Double Indemnity (1944)

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Double Indemnity is a 1944 American film noir, directed by Billy Wilder, co-written by Wilder and Raymond Chandler, and produced by Buddy DeSylva and Joseph Sistrom. The term double indemnity refers to a clause in certain life insurance policies that doubles the payout in cases when death is deemed accidental. The film stars Fred MacMurray as an insurance salesman, Barbara Stanwyck as a provocative housewife who wishes her husband were dead, and Edward G. Robinson as a claims adjuster whose job is to find phony claims. The script was based on James M. Cain's 1935 novella of the same title which originally appeared as an eight part serial in Liberty magazine. Praised by many critics when first released, Double Indemnity was nominated for seven Academy Awards but did not win any. Widely regarded as a classic, it is often cited as a paradigmatic film noir and as having set the standard for the films that followed in that genre. Deemed "culturally, historically, or aesthetically significant" by the U.S. Library of Congress in 1992, Double Indemnity was selected for preservation in the National Film Registry. In 1998, it was ranked #38 on the American Film Institute's list of the 100 best American films of the 20th century, and in 2007 it was 29th on their 10th Anniversary list.

plot:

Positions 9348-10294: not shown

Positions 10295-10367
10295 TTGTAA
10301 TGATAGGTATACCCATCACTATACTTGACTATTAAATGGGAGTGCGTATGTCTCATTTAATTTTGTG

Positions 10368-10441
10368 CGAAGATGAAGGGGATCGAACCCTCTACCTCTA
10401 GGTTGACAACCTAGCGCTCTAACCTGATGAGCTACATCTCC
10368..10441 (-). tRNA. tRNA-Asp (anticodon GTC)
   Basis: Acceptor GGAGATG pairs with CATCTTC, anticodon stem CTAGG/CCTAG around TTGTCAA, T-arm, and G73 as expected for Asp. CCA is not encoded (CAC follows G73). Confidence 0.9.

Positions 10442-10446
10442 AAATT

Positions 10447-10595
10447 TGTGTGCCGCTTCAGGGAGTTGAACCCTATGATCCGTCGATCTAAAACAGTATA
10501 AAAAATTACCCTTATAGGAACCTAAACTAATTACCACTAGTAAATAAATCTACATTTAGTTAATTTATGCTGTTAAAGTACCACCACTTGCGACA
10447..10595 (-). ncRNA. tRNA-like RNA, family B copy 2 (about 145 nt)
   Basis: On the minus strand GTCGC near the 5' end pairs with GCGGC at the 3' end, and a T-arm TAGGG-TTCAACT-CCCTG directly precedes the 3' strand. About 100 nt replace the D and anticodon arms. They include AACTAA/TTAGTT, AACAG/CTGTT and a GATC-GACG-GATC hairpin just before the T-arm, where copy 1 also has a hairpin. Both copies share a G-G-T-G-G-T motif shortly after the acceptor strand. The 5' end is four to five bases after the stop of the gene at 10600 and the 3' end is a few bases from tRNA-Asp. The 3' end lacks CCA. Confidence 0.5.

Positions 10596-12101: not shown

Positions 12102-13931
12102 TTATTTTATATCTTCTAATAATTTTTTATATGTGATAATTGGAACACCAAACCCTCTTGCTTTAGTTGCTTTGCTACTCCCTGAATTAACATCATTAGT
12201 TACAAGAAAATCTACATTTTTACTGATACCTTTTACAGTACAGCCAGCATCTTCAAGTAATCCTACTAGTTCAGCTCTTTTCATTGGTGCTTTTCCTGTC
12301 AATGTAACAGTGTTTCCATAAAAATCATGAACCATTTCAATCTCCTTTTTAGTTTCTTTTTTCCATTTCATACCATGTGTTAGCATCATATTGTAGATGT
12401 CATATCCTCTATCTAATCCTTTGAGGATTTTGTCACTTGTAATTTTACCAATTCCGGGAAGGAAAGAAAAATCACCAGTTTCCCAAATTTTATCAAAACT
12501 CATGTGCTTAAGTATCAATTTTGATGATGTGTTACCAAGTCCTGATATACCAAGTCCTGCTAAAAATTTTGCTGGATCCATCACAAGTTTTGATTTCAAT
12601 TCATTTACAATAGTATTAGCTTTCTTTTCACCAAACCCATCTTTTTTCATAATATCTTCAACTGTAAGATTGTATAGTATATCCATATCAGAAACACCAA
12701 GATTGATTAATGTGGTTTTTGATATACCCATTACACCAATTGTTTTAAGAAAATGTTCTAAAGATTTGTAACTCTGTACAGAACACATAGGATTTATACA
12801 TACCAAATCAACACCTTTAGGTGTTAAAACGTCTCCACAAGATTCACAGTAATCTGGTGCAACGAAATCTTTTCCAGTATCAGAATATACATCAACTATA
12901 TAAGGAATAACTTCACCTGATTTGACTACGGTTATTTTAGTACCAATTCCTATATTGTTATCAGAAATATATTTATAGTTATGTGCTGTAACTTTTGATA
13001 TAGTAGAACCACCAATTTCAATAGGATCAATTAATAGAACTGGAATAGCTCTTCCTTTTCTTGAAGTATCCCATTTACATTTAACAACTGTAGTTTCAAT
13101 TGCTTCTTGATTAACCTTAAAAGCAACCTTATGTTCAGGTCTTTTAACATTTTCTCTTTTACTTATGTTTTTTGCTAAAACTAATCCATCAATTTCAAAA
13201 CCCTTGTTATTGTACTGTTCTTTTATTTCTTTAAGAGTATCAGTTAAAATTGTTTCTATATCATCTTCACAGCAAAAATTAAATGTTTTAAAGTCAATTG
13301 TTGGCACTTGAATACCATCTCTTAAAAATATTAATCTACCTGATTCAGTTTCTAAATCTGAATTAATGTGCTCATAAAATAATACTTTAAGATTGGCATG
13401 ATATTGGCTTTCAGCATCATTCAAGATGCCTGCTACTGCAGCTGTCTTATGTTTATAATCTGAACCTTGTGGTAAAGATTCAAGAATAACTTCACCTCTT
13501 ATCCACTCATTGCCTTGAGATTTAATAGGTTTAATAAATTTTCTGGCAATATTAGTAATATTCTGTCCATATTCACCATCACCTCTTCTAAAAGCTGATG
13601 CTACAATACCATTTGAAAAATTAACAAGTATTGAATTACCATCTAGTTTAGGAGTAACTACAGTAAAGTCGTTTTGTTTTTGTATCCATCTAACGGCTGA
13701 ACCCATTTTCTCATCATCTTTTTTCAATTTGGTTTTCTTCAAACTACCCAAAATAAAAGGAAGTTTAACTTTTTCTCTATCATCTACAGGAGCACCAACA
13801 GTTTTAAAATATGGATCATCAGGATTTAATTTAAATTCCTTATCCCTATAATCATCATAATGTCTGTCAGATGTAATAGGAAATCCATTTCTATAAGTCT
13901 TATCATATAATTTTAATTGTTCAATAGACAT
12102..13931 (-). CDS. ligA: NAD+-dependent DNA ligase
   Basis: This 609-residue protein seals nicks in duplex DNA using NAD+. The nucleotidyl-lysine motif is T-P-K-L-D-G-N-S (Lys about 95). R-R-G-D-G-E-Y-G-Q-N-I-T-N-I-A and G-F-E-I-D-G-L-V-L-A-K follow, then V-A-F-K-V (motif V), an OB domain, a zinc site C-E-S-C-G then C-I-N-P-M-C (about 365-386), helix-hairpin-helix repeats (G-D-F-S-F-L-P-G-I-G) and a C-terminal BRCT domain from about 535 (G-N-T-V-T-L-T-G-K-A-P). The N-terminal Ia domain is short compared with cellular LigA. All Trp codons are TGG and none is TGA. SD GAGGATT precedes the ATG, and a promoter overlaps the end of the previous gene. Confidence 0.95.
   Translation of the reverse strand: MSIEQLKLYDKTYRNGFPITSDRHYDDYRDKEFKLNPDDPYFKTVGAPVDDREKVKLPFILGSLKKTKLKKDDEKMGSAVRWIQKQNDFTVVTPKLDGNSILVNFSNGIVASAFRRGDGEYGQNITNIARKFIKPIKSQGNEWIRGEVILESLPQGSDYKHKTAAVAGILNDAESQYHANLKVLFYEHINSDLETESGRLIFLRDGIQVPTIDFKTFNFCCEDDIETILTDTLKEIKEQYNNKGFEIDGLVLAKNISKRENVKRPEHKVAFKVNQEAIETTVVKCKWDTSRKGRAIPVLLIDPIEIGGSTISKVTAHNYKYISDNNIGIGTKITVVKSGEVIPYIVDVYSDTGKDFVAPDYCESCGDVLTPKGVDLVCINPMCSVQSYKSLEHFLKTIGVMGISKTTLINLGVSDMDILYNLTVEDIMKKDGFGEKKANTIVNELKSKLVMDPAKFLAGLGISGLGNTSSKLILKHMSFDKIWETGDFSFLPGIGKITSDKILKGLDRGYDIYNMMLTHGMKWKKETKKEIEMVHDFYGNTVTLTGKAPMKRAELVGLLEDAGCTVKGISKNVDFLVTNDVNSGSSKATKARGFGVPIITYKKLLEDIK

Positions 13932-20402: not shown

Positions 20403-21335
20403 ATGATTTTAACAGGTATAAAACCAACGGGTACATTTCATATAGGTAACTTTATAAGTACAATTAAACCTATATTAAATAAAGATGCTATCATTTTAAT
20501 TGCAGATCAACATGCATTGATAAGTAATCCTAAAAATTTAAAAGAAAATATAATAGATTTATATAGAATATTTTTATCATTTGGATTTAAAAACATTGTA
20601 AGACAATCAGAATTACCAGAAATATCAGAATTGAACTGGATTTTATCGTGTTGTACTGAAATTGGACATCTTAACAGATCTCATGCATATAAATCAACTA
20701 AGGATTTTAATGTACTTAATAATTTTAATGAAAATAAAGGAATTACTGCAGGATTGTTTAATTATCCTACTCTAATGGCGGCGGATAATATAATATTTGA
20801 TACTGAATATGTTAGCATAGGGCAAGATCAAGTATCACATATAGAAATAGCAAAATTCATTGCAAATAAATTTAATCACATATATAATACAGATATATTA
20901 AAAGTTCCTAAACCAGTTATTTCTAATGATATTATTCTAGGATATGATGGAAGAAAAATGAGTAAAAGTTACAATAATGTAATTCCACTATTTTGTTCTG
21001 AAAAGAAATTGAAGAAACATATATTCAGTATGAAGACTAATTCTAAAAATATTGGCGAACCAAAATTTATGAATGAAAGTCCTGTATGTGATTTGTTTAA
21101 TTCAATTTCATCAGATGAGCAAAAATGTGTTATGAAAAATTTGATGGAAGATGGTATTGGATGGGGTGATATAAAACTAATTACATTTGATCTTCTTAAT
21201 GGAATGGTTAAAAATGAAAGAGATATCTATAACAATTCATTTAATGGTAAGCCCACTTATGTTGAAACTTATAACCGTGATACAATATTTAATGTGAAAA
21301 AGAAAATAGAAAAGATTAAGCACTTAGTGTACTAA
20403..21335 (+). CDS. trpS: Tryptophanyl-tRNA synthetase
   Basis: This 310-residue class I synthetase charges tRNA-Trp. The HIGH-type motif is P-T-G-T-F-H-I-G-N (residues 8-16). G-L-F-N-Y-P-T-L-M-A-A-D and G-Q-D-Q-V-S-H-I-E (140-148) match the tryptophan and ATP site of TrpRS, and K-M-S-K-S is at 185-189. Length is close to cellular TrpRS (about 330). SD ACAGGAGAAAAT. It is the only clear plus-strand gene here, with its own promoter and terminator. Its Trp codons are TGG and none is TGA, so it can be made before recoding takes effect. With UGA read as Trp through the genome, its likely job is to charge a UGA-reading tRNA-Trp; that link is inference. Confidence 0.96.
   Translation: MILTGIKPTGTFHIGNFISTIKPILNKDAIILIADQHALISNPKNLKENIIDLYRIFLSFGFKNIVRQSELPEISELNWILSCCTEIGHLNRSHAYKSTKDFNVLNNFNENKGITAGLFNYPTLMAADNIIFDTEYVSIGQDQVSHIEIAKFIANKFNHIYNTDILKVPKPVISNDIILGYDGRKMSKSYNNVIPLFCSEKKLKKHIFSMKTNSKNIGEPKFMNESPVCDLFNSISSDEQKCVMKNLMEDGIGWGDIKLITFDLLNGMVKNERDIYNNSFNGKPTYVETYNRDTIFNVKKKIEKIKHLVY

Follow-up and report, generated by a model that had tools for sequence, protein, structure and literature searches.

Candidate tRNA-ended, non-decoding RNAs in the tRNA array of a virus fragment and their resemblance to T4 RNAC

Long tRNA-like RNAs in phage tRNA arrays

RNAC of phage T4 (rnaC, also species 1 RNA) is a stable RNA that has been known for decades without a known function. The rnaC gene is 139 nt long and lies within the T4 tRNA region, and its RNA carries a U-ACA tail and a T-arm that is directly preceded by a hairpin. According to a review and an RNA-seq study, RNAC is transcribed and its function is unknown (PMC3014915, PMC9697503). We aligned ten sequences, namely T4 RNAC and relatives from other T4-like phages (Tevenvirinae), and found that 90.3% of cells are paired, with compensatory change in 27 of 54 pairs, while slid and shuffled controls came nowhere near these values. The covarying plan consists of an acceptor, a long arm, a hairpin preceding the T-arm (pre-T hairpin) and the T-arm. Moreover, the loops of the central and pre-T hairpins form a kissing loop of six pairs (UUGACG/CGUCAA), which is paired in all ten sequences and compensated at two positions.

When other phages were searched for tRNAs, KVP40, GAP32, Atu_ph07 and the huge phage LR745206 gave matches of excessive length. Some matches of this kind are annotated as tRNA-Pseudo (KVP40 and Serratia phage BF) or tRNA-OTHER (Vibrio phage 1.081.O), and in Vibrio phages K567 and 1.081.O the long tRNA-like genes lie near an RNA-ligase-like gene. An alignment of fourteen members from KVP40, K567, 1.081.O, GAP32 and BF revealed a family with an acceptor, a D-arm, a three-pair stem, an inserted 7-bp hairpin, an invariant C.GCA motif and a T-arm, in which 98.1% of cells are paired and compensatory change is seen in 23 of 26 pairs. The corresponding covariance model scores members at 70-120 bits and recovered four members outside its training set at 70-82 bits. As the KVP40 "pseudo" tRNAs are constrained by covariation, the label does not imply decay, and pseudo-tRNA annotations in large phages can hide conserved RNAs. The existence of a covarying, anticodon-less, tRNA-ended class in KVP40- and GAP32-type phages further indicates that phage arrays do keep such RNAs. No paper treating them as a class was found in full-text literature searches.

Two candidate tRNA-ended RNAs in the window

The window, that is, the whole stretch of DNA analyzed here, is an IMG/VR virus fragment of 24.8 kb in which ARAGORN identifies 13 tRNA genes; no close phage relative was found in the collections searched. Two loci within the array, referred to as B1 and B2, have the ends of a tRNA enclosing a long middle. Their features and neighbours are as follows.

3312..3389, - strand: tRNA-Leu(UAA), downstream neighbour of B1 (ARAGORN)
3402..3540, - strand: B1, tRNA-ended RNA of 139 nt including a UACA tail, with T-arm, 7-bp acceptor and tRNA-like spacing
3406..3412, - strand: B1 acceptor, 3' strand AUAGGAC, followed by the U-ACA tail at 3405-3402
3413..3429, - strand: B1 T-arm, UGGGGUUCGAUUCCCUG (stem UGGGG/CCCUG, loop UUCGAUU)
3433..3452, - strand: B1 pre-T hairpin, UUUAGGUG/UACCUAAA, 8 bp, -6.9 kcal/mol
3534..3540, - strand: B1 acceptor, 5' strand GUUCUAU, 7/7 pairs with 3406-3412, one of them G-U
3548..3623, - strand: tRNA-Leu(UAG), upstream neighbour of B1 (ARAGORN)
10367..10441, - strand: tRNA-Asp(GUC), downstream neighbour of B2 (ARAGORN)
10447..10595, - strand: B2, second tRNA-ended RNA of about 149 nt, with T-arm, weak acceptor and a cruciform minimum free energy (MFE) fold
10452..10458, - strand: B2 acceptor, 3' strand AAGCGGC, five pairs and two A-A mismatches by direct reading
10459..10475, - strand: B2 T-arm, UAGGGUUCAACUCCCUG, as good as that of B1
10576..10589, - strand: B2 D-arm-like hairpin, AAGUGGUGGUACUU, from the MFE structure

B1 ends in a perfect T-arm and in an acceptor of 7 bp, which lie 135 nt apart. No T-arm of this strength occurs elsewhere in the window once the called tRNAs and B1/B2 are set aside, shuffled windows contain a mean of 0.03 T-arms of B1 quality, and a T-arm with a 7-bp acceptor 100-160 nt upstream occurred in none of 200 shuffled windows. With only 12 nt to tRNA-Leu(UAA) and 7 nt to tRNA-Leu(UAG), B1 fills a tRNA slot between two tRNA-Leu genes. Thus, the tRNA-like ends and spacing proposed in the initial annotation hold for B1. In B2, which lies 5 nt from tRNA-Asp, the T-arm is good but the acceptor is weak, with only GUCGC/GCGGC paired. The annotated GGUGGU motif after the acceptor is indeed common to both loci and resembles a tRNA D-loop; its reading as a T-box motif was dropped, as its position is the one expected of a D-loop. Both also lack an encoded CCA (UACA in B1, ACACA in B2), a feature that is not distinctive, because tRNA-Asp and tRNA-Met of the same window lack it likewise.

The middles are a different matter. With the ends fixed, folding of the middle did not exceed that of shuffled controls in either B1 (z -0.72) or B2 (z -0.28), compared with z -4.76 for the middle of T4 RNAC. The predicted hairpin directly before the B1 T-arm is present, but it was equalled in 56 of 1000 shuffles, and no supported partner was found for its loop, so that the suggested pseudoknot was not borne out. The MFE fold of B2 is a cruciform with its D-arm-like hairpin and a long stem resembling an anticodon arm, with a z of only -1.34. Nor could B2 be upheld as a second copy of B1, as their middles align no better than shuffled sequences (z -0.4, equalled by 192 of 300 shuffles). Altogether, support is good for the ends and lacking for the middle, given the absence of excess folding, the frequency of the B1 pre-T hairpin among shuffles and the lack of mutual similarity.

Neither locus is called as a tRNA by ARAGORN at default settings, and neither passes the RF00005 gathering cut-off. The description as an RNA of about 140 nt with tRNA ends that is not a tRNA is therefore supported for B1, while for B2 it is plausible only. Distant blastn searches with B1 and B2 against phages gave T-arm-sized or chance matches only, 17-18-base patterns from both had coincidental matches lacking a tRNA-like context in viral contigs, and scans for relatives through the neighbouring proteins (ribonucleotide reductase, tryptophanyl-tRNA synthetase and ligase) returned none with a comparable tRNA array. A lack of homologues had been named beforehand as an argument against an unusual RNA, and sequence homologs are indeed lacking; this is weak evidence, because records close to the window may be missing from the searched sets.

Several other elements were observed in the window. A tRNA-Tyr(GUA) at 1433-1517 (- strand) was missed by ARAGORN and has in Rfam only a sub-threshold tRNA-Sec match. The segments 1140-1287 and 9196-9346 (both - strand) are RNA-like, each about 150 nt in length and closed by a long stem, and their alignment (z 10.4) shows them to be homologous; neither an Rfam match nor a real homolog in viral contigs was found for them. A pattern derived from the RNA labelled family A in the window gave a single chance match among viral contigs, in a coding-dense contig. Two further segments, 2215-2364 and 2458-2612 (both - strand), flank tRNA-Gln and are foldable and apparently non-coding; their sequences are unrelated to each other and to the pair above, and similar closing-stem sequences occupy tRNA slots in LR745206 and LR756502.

Walter Neff (Fred MacMurray) is a successful insurance salesman for Pacific All Risk. We see him returning to his office building in downtown Los Angeles late one night, clearly in pain, sitting down at his desk and talking into a Dictaphone machine. His memo is intended for colleague Barton Keyes (Edward G. Robinson), a claims adjuster, and becomes the story of the film, which is told in flashback: Neff first meets the sultry Phyllis Dietrichson (Barbara Stanwyck) during a routine house call to renew an automobile insurance policy for her husband. A flirtation develops, at least until Phyllis asks how she could take out a policy on her husband's life without his knowing it. Neff realizes she is contemplating murder, and he wants no part of it. Phyllis pursues Neff to his own home, though, and ups the ante — or at least the voltage — of her flirtation; Neff's gullibility and libido quickly overcome his caution, and he agrees that the two of them, together, will kill her husband. Neff knows all the tricks of his trade, of course, and comes up with a plan in which Phyllis's husband will die an unlikely death, in this case falling from a moving train. The "accidental" nature of his demise will trigger the 'double indemnity' clause of the policy, forcing Pacific All Risk to pay the widow twice the normal amount. The couple carries out their plan, and Mr. Dietrichson's body on the tracks bears mute testament to his downfall. Investigator Keyes does not suspect foul play at first, but the "little man" in his chest keeps nagging that all is not right with this case. He eventually concludes that the Dietrichson woman and some unknown accomplice must be behind the husband's death. He has no reason to be suspicious of Neff, a colleague he has worked with for quite some time and actually views with considerable paternal affection. Keyes, however, is not Neff's only worry. The victim's daughter, Lola (Jean Heather), comes to him, convinced that stepmother Phyllis is behind her father's death: it seems Lola's mother also died under suspicious circumstances — while Phyllis was her nurse. Neff's concern goes beyond his fear that Lola might blow the whistle on the murder; he is not such a heel that he doesn't begin to care about what might happen to the girl, both of whose parents have been murdered. Then he learns Phyllis is seeing Lola's boyfriend Nino behind her — and his own — back. Phyllis's brazen unfaithfulness helps wake Neff from his romantic haze and he wants to save himself from his dire involvement with her and with murder. He reasons that the only way out is to make the police think Phyllis and Nino did the murder, which is what the tenacious Keyes now believes anyway. Neff and Phyllis meet at her house and she tells him she has been seeing Nino only to provoke him into killing the suspicious Lola in a jealous rage. Neff is now wholly disgusted and is about to kill Phyllis when she shoots him first. Badly wounded but still standing, he advances on her, taunting her to shoot again. She does not shoot and he takes the gun from her. She says she never loved him "until a minute ago, when I couldn't fire that second shot." Neff coldly says he does not believe her; she tries hugging him tightly but then pulls away and looks pleadingly at him when she feels the gun pressed against her side. Neff says "Goodbye, baby," then shoots twice and kills her. Outside, Neff hides in the bushes and intercepts Nino as he approaches, ostensibly to visit his lover, Phyllis. Neff advises him to not enter the house, but to leave and contact "the woman who truly loves you" — Lola. Nino agrees and heads out, avoiding what would have been damning evidence against him if he'd entered the murder house. Neff, gravely injured, drives to his office, seats himself at the Dictaphone, and starts explaining. Keyes arrives in mid-confession and hears enough to understand everything. Neff tells Keyes he is going to Mexico rather than face a death sentence — but sags to the floor before he can reach the elevator.